The Covid-19 pandemic has turned our lives upside down. How we live, work, love, practice our faiths – much has changed. The virus has made some problems visible for the first time, while we now see some topics from a different perspective. Here, you can read contributions from our current and former participants telling the story of their lives in times of corona. Stories of upheaval, of new insights, and serene realizations.
In today’s post Hicham is explaining Eid traditions. Have a read!
Eid-ul-Fitr literally means “the festival of breaking the fast” and takes place every year right after a month-long dawn-to-sunset fasting during Ramadan. It begins with the sighting of the crescent moon, which is the reason why the exact date of Eid can only be verified an evening before.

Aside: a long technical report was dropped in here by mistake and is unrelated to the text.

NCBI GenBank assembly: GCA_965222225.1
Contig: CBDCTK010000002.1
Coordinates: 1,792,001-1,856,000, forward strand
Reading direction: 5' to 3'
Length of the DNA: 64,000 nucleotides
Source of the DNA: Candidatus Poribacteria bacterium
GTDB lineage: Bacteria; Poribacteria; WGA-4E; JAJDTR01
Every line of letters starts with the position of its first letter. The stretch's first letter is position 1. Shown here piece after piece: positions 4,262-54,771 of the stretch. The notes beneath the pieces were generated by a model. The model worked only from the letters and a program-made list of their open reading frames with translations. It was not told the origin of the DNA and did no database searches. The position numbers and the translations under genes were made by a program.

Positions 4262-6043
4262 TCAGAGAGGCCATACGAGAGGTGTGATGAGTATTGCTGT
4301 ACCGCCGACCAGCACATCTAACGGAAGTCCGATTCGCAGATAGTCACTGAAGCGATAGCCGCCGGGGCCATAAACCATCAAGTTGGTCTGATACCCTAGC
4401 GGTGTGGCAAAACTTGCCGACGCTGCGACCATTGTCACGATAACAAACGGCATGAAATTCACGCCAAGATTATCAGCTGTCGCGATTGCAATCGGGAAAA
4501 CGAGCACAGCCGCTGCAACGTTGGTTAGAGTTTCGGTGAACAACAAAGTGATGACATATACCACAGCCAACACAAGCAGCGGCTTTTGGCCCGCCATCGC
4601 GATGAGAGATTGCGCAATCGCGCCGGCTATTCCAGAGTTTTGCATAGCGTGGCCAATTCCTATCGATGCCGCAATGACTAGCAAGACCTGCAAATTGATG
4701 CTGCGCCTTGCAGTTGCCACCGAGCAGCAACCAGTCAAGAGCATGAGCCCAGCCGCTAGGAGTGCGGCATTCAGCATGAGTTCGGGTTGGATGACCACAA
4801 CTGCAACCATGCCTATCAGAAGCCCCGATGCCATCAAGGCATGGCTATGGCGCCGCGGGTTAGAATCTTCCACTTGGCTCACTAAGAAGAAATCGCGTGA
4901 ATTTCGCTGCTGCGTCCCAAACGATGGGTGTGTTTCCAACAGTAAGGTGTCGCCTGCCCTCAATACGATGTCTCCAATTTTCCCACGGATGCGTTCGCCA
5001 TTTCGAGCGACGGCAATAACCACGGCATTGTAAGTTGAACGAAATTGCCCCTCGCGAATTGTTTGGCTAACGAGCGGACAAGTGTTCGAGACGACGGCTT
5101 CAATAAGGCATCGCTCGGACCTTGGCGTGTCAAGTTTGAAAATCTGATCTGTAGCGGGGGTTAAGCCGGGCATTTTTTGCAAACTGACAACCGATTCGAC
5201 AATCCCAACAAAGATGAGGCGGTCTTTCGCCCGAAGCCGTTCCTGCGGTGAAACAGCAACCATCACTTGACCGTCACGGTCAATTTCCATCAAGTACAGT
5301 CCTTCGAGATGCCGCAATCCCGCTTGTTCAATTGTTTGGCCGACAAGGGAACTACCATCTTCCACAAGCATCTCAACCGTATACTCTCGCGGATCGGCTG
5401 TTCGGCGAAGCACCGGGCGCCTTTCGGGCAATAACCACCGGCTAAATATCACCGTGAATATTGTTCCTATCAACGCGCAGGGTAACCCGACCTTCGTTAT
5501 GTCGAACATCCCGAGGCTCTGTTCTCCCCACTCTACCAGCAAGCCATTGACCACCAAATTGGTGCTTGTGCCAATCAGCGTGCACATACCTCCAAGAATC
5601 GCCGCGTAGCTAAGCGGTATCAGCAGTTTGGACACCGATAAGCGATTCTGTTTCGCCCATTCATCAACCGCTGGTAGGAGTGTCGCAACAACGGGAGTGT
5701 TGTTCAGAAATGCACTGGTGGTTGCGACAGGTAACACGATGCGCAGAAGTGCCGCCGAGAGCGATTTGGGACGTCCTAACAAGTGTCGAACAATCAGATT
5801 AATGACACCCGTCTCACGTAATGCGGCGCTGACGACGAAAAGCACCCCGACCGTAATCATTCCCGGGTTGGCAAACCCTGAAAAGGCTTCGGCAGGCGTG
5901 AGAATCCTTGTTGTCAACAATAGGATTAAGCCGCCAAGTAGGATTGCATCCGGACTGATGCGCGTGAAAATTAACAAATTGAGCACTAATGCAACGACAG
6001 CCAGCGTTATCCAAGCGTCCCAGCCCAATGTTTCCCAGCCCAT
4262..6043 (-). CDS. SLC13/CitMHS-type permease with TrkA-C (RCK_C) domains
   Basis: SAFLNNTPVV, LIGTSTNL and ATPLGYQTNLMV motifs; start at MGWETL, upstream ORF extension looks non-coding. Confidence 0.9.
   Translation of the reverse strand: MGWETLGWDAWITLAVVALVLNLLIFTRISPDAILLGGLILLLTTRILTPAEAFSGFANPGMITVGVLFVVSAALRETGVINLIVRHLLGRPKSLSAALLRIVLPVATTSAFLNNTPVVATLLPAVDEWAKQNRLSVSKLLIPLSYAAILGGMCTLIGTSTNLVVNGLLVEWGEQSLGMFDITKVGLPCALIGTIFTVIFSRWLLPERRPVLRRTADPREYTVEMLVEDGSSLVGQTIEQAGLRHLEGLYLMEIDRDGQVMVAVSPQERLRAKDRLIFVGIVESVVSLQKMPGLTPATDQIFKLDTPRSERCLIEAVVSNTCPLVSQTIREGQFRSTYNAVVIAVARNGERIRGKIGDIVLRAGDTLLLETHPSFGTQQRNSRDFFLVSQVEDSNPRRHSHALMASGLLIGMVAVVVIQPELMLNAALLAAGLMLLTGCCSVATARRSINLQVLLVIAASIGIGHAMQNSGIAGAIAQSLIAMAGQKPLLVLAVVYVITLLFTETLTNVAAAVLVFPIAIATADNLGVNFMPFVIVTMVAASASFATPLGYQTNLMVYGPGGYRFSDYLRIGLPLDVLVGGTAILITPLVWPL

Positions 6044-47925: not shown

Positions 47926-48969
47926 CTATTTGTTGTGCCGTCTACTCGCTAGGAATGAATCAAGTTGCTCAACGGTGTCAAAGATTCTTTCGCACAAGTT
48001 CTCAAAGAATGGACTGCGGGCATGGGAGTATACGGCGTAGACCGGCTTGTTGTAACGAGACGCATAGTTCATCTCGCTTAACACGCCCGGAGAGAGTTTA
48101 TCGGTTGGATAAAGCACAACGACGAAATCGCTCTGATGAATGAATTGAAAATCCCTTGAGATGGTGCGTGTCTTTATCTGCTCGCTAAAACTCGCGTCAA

Traditionally, Eid is celebrated for three days and is started with a prayer in the morning of the first day in every mosque. After the prayer people congratulate one another and communities or families come together while eating traditional sweets and homemade desserts that are prepared for that speacial day.
This year many Muslim-majority countries have cancelled Eid prayers due to measures against the spread of Coronavirus. Time again to be thankful for various opportunities to get in touch online especially on important days like Eid.
Keep safe, stay home and have a blessed Eid with your loved ones!
˝The programme makes possible something that is all too rare in our society these days: speaking and having discussions across borders, not about each other, but with each other. That can be a hard slog at times, but at the same time the format makes space for follow-up questions and deeper conversations that are only possible through trust on all sides.
Felix, DialoguePerspectives participant